Authorities stifled free speech and the right to peaceably assemble by cutting the power from cell phone services to avert digitally organized protests in response to two fatal shootings Aug. 12. However, this did not happen in Egypt, China or Libya, it happened right here in the United States.
The protests were aimed at the Bay Area Rapid Transit system. BART serves the San Francisco Bay and surrounding areas, and according to the American Public Transportation Association it is the fifth busiest heavy rail rapid transit system in the U.S.
BART has recently come under fire after transit officers fatally shot a man named Charles Hill, who was allegedly carrying a knife, July 3. In 2009, BART officers faced a similar situation after the shooting of an unarmed man named Oscar Grant III, in which BART officer Johannes Mehserle was found guilty of involuntary manslaughter.
Both peaceful and violent protests took place after the initial shooting in 2009, and BART officials feared the same response to the 2011 shooting of Hill after threats of a digitally organized protest appeared on a website.
BART shut down the electricity to several cell phone towers, which interrupted service for three hours, at four transit stations. Thousands in the Bay Area went without service and an unknown number of demonstrators were denied their right to peaceably assemble. No protest ever formed that day.
The backlash against the BART officials’ decision has been great. Many articles have made comparisons to Egyptian President Hosni Mubarak’s tactics to block social networking sites to stop protests earlier this year.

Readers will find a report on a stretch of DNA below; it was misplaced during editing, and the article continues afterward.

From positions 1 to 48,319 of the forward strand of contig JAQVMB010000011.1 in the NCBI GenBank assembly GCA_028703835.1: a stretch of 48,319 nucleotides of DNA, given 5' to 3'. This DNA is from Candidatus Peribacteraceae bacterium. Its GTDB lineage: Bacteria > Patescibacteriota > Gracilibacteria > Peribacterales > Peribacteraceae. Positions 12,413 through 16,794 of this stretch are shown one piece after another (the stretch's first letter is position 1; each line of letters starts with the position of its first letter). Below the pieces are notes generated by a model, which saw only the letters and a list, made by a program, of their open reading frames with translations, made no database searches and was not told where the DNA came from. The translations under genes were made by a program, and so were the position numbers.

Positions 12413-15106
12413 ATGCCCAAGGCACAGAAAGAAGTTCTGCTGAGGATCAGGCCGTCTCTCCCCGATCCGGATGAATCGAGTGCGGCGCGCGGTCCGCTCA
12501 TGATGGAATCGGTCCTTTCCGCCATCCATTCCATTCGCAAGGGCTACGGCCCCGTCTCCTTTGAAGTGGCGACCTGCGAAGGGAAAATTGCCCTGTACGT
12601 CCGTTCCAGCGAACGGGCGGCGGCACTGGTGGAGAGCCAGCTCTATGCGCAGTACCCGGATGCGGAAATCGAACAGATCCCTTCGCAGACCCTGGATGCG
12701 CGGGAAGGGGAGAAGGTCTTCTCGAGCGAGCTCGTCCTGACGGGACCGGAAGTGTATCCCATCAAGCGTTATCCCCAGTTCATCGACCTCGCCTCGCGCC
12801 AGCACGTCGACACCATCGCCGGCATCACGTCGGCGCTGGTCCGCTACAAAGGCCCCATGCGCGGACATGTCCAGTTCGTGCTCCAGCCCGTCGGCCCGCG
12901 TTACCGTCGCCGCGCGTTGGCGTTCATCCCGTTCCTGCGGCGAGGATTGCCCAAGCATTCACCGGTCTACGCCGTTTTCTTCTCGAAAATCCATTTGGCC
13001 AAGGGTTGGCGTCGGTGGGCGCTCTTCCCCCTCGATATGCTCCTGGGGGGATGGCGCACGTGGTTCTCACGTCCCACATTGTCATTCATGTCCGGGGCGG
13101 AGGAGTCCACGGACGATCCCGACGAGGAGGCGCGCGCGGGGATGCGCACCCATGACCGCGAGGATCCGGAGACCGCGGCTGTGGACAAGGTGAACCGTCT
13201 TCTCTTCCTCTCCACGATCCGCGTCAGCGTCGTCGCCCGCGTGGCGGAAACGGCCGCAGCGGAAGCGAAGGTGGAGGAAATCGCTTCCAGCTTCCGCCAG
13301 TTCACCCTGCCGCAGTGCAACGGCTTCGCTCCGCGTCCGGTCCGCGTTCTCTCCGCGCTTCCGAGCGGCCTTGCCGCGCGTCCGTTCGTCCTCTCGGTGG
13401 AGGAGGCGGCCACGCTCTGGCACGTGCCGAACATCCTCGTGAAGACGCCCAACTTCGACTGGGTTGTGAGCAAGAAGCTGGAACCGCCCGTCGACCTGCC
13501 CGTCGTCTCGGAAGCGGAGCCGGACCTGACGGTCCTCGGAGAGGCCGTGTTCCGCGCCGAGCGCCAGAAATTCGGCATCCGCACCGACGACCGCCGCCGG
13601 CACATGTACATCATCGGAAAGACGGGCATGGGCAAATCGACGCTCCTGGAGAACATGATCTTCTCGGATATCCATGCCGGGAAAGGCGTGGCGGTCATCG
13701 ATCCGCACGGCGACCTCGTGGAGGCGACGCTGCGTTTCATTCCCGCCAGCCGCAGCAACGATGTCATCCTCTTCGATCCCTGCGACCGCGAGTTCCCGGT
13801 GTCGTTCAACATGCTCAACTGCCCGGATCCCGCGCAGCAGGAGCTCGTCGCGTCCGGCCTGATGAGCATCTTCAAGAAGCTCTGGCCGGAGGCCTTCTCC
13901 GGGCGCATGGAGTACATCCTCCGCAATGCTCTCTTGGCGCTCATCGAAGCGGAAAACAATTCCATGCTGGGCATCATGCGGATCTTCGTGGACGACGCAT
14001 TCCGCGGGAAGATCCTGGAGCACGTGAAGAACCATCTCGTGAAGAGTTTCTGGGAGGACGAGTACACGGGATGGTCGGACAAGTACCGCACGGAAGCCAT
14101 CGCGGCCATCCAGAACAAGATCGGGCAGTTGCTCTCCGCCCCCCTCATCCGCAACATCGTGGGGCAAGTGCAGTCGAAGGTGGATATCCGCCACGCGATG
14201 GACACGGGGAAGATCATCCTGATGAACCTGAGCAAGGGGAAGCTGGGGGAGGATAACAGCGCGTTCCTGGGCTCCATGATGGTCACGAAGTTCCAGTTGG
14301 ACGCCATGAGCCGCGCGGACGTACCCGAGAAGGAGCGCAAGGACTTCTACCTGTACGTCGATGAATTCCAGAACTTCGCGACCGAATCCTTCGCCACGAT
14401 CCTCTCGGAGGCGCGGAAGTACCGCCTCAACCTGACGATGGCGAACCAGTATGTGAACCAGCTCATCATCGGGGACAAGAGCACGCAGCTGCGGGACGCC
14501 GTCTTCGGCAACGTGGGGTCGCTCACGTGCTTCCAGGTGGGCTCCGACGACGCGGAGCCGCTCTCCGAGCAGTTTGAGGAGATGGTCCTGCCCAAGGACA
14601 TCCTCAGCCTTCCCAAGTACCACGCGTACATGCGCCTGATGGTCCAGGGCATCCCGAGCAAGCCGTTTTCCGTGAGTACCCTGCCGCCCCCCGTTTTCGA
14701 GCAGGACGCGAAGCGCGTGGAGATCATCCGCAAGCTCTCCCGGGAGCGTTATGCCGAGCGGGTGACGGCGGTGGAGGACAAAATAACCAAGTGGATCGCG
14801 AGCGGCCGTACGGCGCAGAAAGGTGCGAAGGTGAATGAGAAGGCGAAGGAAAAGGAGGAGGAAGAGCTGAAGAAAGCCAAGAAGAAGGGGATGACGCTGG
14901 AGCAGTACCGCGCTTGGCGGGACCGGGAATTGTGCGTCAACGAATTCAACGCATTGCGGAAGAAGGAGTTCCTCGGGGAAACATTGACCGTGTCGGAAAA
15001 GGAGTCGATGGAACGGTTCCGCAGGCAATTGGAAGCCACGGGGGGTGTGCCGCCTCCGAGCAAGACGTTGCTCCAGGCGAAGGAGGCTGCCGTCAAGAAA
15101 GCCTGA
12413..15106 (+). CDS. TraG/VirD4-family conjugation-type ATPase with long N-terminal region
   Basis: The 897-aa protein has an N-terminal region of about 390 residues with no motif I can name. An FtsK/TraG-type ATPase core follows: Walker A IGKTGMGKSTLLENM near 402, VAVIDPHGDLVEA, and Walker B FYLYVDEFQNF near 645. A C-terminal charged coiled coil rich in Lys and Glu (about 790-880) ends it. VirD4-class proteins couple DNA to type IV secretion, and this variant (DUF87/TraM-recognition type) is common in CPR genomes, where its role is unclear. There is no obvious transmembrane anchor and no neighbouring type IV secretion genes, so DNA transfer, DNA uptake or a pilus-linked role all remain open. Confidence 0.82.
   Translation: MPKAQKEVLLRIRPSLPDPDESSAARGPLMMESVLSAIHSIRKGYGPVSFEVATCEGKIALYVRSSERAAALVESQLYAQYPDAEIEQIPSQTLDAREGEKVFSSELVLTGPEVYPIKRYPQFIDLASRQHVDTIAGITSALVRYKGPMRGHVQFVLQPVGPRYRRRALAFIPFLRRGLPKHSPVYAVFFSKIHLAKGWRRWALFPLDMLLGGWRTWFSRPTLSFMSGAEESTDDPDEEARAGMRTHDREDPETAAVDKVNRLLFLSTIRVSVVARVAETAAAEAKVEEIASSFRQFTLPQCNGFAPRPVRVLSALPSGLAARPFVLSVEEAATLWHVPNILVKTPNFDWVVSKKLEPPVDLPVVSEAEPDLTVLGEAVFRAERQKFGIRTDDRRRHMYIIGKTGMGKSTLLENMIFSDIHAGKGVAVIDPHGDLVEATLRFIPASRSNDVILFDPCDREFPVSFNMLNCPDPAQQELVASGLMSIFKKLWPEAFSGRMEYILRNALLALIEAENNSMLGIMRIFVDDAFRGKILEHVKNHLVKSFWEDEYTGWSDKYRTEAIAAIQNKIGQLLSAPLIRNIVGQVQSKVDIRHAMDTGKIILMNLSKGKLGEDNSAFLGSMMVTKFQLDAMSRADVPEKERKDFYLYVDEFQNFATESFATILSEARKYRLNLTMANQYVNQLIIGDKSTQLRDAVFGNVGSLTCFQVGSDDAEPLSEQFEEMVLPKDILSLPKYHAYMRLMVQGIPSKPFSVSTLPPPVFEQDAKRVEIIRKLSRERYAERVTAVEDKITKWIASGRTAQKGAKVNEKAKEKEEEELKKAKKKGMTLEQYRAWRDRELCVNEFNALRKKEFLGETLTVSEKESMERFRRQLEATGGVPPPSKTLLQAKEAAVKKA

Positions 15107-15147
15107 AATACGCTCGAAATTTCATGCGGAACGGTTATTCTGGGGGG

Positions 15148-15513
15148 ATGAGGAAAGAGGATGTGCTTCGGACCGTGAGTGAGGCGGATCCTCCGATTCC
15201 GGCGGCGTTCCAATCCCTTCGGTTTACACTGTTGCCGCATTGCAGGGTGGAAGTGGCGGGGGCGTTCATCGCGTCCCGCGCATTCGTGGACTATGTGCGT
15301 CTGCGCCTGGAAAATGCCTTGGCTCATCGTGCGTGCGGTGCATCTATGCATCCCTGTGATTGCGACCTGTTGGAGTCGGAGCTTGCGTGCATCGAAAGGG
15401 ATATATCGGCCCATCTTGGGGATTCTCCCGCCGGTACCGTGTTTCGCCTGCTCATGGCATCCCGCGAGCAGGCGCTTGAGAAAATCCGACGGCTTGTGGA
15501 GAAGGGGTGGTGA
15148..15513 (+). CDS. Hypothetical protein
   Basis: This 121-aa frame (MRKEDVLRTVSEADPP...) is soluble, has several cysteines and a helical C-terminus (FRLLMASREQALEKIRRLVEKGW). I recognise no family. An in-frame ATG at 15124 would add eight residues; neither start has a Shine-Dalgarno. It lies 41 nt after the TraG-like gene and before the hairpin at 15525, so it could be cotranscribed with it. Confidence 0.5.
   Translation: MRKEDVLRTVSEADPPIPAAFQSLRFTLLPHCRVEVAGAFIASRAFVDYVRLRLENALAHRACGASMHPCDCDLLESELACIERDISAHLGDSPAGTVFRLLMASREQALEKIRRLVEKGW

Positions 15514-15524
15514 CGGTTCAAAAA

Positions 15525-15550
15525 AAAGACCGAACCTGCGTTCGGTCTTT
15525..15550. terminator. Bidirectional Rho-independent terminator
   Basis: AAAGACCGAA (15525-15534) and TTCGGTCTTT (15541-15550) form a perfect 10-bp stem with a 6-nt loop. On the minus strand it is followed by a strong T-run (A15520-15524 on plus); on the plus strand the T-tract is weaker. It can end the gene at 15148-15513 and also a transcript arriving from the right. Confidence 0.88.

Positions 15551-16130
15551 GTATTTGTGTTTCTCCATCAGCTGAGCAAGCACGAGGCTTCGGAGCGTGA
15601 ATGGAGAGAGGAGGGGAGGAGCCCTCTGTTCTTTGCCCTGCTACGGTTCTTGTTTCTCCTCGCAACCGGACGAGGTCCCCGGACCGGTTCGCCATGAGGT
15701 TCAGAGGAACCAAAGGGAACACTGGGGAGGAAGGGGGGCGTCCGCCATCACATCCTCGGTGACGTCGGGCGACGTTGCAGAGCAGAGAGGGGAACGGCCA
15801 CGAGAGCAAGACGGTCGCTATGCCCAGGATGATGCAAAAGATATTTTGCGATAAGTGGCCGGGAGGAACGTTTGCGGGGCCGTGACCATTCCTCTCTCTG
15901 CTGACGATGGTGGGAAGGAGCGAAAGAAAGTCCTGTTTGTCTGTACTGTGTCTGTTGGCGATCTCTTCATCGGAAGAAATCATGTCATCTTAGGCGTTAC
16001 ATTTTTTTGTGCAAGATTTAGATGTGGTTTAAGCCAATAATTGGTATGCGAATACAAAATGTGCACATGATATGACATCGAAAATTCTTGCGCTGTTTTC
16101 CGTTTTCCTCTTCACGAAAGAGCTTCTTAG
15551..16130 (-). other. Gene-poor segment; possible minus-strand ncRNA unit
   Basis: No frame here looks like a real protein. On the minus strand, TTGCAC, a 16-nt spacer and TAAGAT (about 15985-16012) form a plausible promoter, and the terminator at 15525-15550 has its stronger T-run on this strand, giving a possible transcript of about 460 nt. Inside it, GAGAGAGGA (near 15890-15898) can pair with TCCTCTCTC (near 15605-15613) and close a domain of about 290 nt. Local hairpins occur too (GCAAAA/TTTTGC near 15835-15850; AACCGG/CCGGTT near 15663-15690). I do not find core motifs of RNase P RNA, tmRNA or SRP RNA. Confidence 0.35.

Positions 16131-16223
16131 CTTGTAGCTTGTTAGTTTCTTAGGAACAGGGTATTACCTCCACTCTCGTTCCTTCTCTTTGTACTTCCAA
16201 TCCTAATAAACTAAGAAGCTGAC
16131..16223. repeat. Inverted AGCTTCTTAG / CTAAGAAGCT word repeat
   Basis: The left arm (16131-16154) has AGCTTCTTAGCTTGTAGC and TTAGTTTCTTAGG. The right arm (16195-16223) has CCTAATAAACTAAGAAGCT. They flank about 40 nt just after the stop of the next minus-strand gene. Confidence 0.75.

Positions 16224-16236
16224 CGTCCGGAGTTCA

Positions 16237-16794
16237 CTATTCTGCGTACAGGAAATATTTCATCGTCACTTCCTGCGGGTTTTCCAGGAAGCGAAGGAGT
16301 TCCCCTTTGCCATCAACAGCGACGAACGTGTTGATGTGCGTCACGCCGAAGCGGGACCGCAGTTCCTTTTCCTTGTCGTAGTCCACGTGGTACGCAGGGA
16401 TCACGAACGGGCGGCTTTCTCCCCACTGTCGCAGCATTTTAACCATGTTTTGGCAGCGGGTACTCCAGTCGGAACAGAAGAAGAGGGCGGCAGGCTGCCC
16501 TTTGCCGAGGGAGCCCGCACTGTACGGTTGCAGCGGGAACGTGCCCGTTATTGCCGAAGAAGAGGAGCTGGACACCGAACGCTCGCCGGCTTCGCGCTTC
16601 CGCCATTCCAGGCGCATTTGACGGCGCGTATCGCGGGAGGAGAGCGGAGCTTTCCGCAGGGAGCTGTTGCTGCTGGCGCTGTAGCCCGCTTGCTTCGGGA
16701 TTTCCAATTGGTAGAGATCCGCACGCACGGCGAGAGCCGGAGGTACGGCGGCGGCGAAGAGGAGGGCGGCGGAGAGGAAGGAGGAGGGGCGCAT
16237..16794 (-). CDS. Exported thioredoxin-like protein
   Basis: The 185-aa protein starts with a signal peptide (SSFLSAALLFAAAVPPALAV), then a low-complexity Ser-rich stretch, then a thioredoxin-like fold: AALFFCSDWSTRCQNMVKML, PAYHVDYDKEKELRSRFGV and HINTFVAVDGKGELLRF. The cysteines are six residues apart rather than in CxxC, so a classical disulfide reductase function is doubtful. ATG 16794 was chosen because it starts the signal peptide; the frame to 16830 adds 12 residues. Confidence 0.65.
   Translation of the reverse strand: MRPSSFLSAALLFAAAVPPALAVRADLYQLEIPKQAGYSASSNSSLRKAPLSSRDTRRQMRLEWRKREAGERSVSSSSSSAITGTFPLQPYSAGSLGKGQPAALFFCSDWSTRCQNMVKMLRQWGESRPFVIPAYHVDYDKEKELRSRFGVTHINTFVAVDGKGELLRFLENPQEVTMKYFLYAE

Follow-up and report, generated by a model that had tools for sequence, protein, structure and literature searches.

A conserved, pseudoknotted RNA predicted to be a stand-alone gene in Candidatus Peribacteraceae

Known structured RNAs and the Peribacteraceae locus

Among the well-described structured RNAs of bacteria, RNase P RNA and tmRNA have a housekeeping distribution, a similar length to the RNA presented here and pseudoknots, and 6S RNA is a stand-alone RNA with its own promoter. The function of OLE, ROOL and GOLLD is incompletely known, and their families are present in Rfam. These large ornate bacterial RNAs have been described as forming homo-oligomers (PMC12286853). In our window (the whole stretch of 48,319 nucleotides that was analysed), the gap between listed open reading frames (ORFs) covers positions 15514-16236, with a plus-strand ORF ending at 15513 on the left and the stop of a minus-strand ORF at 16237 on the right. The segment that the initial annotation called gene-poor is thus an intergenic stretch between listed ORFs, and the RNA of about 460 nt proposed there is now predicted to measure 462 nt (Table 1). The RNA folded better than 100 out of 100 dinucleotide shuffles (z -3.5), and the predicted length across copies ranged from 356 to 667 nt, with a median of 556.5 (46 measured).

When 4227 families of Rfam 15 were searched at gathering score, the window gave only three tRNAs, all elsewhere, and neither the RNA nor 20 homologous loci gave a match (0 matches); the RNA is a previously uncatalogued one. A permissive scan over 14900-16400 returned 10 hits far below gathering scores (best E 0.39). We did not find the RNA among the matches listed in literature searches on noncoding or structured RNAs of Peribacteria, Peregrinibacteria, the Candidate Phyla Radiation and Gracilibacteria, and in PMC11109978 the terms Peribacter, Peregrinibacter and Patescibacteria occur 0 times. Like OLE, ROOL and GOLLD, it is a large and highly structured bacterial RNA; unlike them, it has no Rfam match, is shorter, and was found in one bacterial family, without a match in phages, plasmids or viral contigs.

Hacker groups, such as one called Anonymous, have launched both internet attacks and physical protests against BART since the communications shutdown. However, legal experts are claiming that BART was within its rights since it privately owns the communications infrastructure that was shutdown.
While BART may have been within its legal property rights, there is a real question here of whether this was a direct violation of the First Amendment. While some say this was an unprecedented move by a government agency, this type of censorship is reminiscent of many others throughout history and should not be tolerated.
Authoritative governments have always attempted to control the medium that communications are delivered through, whether through book burnings or government controlled propaganda radio stations, and being able to control the channels through which we communicate has always been an effective way of oppressing people.
In the U.S., the First Amendment gives people the right to peaceably assemble, and while authorities can take appropriate measures to ensure that demonstrations remain peaceable, stopping a protest simply because it has the potential to propose risk or illegal behavior is clearly a form of censorship.
While the Supreme Court has granted local authorities the right to limit demonstrations before, such as in cases of “clear and present danger” or “imminent incitement of lawlessness,” the Supreme Court has never before blocked the fundamental right to peaceably assemble simply because there was a possibility of danger. The reaction of BART officials was to give no alternative. In addition, thousands of uninvolved individuals’ rights were stripped because of the fruitless threats of a few.
At best, BART’s tactics were heavy-handed. At worst, it was an indication of the authoritative response governments have been taking against the power of digital communication and social networking. The government has typically used fear as a motivational tool to strip citizens of their rights, and with fear comes complacency and the willingness to accept and obey without question.
Every day, citizens across the globe are becoming increasingly dependent on digital technology to create, store and communicate information. It is vital that these services are protected just as strongly as any other form of communication.
Unfortunately, the government is sadly behind in developing legislation to address the many issues that technology has presented and if not addressed, incidents such as BART’s officials abusing power will continue. The people have the right to speak, even when that speech is in the form of a text message.